Johannes Hevelius. Selenographia. Gdańsk, 1647
Danielle Bottinger teaches English at The Epiphany School in New York.
King Lear 1.2.91-116
What's On for Today and Why
How much did an Elizabethan audience want to believe in destiny? To what degree was astrology an accepted science, and how was it used in everyday life? It is tempting to consider Shakespeare’s audience a gullible lot, not exposed to the great scientific discoveries of our time, and therefore willing to place their fate in the hands of stars and planets. Was that true? And in light of its possible untruth, what does that tell us about the two opposing speeches made by Gloucester and Edmund in 1.2 of King Lear? How would the audience react to those lines, and what light would those lines cast on the characters speaking them?
Students will look at two conflicting writings on a solar eclipse that occurred on March 29, 1652, called Black Munday. One account describes the terrible calamities that will occur after the eclipse, while the other points out how incredibly ridiculous it is to believes calamities can be caused by an eclipse. Students will discuss the views of each event, discuss how Shakespeare’s audience would have reacted to the idea of eclipses, and finally perform both Gloucester and Edmund’s speeches trying out different subtexts to reveal each character’s bias.
What You Need
Folger edition of King Lear
Available in Folger print edition and Folger Digital Texts
Black Munday: Handout #1
Black Munday: Handout #2
What To Do
- Have students write on the following “Do now” topic: Do you believe in astrology? Why/not? Ask a few students to share their writing.
- Ask two student volunteers to read aloud the speeches made by Gloucester and Edmund in Act 1.2.91-166 of King Lear. This could be a cold reading, or it could have been assigned the night before.
- Discuss the differences between Gloucester’s and Edmund’s views. In what does each believe?
- Hand out or show two excerpts about Black Munday (Handout #1).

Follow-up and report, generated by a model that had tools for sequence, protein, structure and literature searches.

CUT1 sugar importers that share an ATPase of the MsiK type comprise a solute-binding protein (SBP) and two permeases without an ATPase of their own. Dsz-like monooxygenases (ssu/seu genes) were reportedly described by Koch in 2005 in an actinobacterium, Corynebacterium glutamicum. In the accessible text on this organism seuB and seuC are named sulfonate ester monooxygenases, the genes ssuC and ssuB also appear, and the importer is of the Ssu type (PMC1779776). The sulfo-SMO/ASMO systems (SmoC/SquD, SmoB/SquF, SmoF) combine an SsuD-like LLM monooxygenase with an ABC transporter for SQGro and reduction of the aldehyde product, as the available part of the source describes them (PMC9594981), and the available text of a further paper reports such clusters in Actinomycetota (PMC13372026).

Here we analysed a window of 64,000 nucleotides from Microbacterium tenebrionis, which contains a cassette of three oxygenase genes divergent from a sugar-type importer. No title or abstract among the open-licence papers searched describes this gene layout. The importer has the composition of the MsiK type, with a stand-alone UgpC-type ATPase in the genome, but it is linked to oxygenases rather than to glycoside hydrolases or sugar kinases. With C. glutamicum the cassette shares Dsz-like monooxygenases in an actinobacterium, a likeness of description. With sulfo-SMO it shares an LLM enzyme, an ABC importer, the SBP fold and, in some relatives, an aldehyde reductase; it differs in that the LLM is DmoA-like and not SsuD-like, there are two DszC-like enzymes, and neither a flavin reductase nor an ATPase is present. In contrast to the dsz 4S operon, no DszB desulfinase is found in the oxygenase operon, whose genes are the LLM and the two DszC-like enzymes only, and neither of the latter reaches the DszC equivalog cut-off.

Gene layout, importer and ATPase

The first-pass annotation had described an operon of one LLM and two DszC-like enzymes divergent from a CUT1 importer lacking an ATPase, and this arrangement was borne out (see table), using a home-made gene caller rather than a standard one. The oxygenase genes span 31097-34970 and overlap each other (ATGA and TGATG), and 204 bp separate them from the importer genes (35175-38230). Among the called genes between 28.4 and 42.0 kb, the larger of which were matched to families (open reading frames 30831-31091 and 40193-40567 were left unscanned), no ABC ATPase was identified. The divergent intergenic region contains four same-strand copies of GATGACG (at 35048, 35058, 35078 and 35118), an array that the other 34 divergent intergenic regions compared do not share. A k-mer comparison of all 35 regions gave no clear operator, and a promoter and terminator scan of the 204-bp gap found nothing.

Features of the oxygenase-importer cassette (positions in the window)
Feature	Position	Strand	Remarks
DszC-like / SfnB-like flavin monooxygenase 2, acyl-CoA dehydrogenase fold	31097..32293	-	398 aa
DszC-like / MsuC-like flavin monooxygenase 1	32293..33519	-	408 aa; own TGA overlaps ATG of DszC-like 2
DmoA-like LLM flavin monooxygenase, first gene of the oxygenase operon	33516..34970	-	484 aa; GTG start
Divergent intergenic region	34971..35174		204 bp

- Divide students into small groups and have them read the excerpts and record answers to the following: What are the different views of the same event?
Based on the primary source documents, with which character (Gloucester or Edmund) would Shakespeare’s audience have agreed? Why?
With which character do you agree? Why?
Do you think Shakespeare believed in astrology?
- Have each small group report back to the large group.
- Ask for volunteers to read the Gloucester and Edmund speeches one more time, trying different subtexts as they read. For example, the Gloucester reader could emphasize that he knows the audience disagrees with his views. The Edmund reader could read knowing that that the audience is intellectually on his side, even though he’s a villain.
- Ask the students to predict what will happen to both characters as the plot develops. Students can refer back to these predictions as the story unfolds.
How Did It Go?
The large group discussion should show some thought on each of the questions posed above, although no definite conclusions need to be made. The final Gloucester and Edmund readings should show that students can incorporate different subtexts into their performances.
If you used this lesson, we would like to hear how it went and about any adaptations you made to suit the needs of YOUR students.
It is enticing to consider Shakespeare's group of onlookers an artless part, not presented to the incredible investigative revelations of our time, and consequently ready to place their destiny in the hands of stars. free love tarot reading
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Common Core State Standards
There are no standards associated with this Lesson Plan.
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